Ocean waves are designed to create a soothing environment, like that of the serene ocean waves. Miracle-Ear hearing aids offer four different ocean wave signals to choose from so that you can find the one that you find to be the most relaxing. Ocean waves are an alternative to static noise and can be found to be a stress-free type of tinnitus treatment. Your hearing care specialist will work with you to find the signal that offers the most relief.
A large, 2014 study of almost 14,000 people found obstructive sleep apnea was linked to significantly higher rates of hearing impairment and hearing loss. Scientists think one reason for this is changes to blood flow to the ear that result in inflammation. (We know that sleep apnea causes changes to circulation and weakens blood flow to some areas of the body, including the brain.) A related factor? People with sleep apnea are at greater risk for high blood pressure, and high blood pressure can exacerbate hearing loss, according to research.
Many drugs have been studied for treating tinnitus. For some, treatment with low doses of anti-anxiety drugs -- such as Valium or antidepressants such as Elavil -- help reduce tinnitus. The use of a steroid placed into the middle ear along with an anti-anxiety medicine called alprazolam has been shown to be effective for some people. Some small studies have shown that a hormone called misoprostol may be helpful in some cases.
Take medication for a thyroid disorder, if necessary. Tinnitus can be related to both hyperthyroidism, or an overactive thyroid, and hypothyroidism, or an underactive thyroid. Your doctor can check for swelling or lumps in your thyroid gland, which is in your throat, and order blood screens to test its function. If they find an issue, they’ll prescribe medication to regulate your thyroid hormone levels.
Can an iPhone app truly relieve tinnitus? Believe it or not, the answer is yes. The ReSound LiNX2 app utilizes a combination of sound therapy and relaxation exercises to reduce the severity of tinnitus. The convenient app can be used in combination with hearing instruments, which are small but strong. This groundbreaking program transforms your iPhone into a remote control for your hearing aid.
For many, tinnitus symptoms come on gradually and eventually go away as the brain and ears adjust. However, for others tinnitus can last for years and cause various complications. A high percentage of people with tinnitus that’s persistent and untreatable go on to also develop anxiety or depression as a result. What types of things can you do to deal with and lower tinnitus symptoms? Tinnitus treatment includes avoiding excessively loud sources of noise pollution, using certain hearing aids, preventing ear infections and avoiding drug use.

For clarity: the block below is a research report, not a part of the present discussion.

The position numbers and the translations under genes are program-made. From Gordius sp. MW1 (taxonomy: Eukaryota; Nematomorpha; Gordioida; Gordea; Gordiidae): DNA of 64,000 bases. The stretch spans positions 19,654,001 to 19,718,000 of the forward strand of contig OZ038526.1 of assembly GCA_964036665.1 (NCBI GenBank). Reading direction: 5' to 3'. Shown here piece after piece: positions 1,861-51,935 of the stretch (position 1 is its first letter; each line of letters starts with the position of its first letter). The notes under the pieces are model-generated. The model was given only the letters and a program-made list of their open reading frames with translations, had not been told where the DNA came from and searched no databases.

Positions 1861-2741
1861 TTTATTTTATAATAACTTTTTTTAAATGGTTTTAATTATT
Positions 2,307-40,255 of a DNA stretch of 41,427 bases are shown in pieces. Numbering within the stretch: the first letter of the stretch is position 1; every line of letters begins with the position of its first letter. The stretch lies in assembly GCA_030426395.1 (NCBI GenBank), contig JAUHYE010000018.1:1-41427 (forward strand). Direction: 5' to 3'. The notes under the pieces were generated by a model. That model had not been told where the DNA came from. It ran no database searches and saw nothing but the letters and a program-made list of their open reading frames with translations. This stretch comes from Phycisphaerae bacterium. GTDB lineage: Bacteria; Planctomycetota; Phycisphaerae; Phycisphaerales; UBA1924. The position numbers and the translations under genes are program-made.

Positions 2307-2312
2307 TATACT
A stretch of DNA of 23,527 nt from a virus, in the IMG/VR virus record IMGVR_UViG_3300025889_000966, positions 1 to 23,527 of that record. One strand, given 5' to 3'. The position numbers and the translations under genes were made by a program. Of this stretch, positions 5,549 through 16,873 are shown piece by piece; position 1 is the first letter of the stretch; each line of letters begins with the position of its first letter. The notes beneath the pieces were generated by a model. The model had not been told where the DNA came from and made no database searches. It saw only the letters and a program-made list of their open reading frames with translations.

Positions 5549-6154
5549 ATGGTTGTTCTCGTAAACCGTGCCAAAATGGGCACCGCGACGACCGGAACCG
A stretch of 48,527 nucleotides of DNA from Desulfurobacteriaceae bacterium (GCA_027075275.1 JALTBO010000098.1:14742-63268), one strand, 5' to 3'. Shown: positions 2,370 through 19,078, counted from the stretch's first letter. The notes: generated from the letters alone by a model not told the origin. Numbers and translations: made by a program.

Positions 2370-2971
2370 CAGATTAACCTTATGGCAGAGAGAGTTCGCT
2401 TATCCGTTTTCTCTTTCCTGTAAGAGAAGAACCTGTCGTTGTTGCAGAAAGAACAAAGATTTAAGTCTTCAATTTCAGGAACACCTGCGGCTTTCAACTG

Static noise is designed to distract you from your tinnitus. By mixing a static sound with the tinnitus noise, this can help to divert your attention away from the tinnitus. Miracle-Ear hearing aids have five different types of pre-set static noise sounds so that together, with your hearing care specialist, you can customize this program to your needs to help you relax without the annoyance of tinnitus.
There are, however, excellent tools to help patients manage their condition; treatments that reduce the perceived intensity, omnipresence, and burden of tinnitus. These currently available treatments are not “cures” — they neither repair the underlying causes of tinnitus, nor eliminate the tinnitus signal in the brain. Instead, they address the attentional, emotional, and cognitive impact of tinnitus. They help patients live better, more fulfilling, and more productive lives, even if the perception of tinnitus remains.
Some people experience a sound that beats in time with their pulse, known as pulsatile tinnitus or vascular tinnitus. Pulsatile tinnitus is usually objective in nature, resulting from altered blood flow, increased blood turbulence near the ear, such as from atherosclerosis or venous hum, but it can also arise as a subjective phenomenon from an increased awareness of blood flow in the ear. Rarely, pulsatile tinnitus may be a symptom of potentially life-threatening conditions such as carotid artery aneurysm or carotid artery dissection. Pulsatile tinnitus may also indicate vasculitis, or more specifically, giant cell arteritis. Pulsatile tinnitus may also be an indication of idiopathic intracranial hypertension. Pulsatile tinnitus can be a symptom of intracranial vascular abnormalities and should be evaluated for irregular noises of blood flow (bruits).
For some people, the jarring motion of brisk walking can produce what is called a seismic effect which causes movement in the small bones or contractions in the muscles of the middle ear space. You can experiment to find out if this is the cause by walking slowly and smoothly to see if the clicking is present. Then, try walking quickly and with a lot of motion to see if you hear the clicking. You can also test for the seismic effect by moving your head up and down quickly.